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NAD(P)H: quinone oxidoreductase 1 attenuates oxidative stress and apoptosis by regulating Sirt1 in diabetic nephropathy
Journal of Translational Medicine volume 20, Article number: 44 (2022)
Diabetic nephropathy (DN) is one of the main complications of diabetes, and oxidative stress plays an important role in its progression. NAD(P)H: quinone oxidoreductase 1 (NQO1) protects cells from oxidative stress and toxic quinone damage. In the present study, we aimed to investigate the protective effects and underlying mechanisms of NQO1 on diabetes-induced renal tubular epithelial cell oxidative stress and apoptosis.
In vivo, the kidneys of db/db mice, which are a type 2 diabetes model, were infected with adeno-associated virus to induce NQO1 overexpression. In vitro, human renal tubular epithelial cells (HK-2 cells) were transfected with NQO1 pcDNA3.1(+) and cultured in high glucose (HG). Gene and protein expression was assessed by quantitative real-time PCR, western blotting, immunofluorescence analysis, and immunohistochemical staining. Reactive oxygen species (ROS) were examined by MitoSox red and flow cytometry. TUNEL assays were used to measure apoptosis.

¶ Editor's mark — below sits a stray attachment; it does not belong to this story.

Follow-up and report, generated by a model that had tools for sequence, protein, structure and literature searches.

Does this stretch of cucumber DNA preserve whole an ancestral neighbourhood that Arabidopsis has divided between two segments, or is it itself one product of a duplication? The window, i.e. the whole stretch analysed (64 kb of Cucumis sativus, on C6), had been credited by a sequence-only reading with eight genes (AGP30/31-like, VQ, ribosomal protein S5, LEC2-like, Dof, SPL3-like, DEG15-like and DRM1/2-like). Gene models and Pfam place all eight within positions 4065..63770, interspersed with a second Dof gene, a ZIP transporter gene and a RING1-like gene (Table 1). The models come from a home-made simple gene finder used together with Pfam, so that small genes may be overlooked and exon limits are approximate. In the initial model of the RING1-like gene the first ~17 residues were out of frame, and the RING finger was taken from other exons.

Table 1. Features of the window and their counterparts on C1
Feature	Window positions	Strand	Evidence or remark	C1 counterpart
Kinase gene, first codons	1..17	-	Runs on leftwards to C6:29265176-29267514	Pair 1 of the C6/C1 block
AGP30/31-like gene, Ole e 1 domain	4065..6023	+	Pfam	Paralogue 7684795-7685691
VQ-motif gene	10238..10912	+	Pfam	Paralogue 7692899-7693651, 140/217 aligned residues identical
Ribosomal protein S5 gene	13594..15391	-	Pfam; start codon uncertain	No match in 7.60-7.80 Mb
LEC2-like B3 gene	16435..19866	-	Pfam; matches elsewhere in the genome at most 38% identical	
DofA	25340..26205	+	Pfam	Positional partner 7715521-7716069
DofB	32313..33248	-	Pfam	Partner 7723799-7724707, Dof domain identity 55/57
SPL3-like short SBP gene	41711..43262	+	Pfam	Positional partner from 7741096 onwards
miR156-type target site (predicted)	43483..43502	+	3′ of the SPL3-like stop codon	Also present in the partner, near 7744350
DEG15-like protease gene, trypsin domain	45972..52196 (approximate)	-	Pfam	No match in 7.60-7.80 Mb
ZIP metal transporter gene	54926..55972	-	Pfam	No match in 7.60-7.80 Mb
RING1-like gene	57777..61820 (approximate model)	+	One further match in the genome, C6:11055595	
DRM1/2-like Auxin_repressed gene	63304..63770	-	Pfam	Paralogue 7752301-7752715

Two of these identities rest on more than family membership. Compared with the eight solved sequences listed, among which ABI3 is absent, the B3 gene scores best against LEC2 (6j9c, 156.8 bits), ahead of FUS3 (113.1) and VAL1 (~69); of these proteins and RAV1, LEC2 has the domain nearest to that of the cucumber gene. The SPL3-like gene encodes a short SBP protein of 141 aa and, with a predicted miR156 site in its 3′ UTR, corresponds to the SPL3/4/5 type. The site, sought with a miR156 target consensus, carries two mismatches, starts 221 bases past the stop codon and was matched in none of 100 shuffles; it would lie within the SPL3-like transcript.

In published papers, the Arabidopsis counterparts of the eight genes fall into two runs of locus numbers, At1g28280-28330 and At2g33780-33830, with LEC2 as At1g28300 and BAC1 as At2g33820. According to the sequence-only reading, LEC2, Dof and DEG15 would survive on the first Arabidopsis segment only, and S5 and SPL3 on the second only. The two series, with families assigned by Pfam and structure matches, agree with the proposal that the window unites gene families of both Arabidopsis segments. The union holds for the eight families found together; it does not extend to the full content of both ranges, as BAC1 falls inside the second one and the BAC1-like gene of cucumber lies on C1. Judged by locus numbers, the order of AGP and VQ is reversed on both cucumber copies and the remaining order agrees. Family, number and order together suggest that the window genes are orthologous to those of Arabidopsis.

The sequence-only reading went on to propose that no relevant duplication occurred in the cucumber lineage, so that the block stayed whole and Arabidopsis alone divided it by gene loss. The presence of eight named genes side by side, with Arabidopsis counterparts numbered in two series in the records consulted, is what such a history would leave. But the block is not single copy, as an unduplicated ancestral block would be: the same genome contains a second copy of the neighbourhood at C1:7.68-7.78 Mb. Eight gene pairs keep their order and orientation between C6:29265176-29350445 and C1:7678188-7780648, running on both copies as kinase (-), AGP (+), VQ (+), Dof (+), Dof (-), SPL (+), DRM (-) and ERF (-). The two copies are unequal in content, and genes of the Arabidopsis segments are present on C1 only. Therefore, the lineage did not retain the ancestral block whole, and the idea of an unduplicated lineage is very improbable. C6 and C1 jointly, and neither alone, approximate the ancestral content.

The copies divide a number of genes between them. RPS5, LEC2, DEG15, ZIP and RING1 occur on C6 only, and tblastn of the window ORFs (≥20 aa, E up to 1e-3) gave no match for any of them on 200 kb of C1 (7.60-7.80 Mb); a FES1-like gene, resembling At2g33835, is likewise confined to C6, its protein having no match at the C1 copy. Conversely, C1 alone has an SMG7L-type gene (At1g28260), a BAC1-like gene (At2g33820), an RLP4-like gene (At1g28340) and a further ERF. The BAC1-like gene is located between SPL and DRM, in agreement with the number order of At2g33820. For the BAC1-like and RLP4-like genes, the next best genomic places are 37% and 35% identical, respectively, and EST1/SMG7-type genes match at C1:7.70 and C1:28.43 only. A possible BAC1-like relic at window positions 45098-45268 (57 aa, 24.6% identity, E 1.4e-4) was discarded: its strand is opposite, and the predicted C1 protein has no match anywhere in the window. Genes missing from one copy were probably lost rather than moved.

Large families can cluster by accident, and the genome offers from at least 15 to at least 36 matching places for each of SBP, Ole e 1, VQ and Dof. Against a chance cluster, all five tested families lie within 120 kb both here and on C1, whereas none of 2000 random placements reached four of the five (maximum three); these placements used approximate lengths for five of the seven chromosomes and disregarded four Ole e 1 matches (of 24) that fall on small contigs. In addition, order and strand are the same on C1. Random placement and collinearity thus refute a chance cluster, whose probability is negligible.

In vivo, NQO1 overexpression reduced the urinary albumin/creatinine ratio (UACR) and blood urea nitrogen (BUN) level in db/db mice. Our results revealed that NQO1 overexpression could significantly increase the ratio of NAD+/NADH and silencing information regulator 1 (Sirt1) expression and block tubular oxidative stress and apoptosis in diabetic kidneys. In vitro, NQO1 overexpression reduced the generation of ROS, NADPH oxidase 1 (Nox1) and Nox4, the Bax/Bcl-2 ratio and the expression of Cleaved Caspase-3 and increased NAD+/NADH levels and Sirt1 expression in HK-2 cells under HG conditions. However, these effects were reversed by the Sirt1 inhibitor EX527.
All these data suggest that NQO1 has a protective effect against oxidative stress and apoptosis in DN, which may be mediated by the regulation of Sirt1 through increasing intracellular NAD+/NADH levels. Therefore, NQO1 may be a new therapeutic target for DN.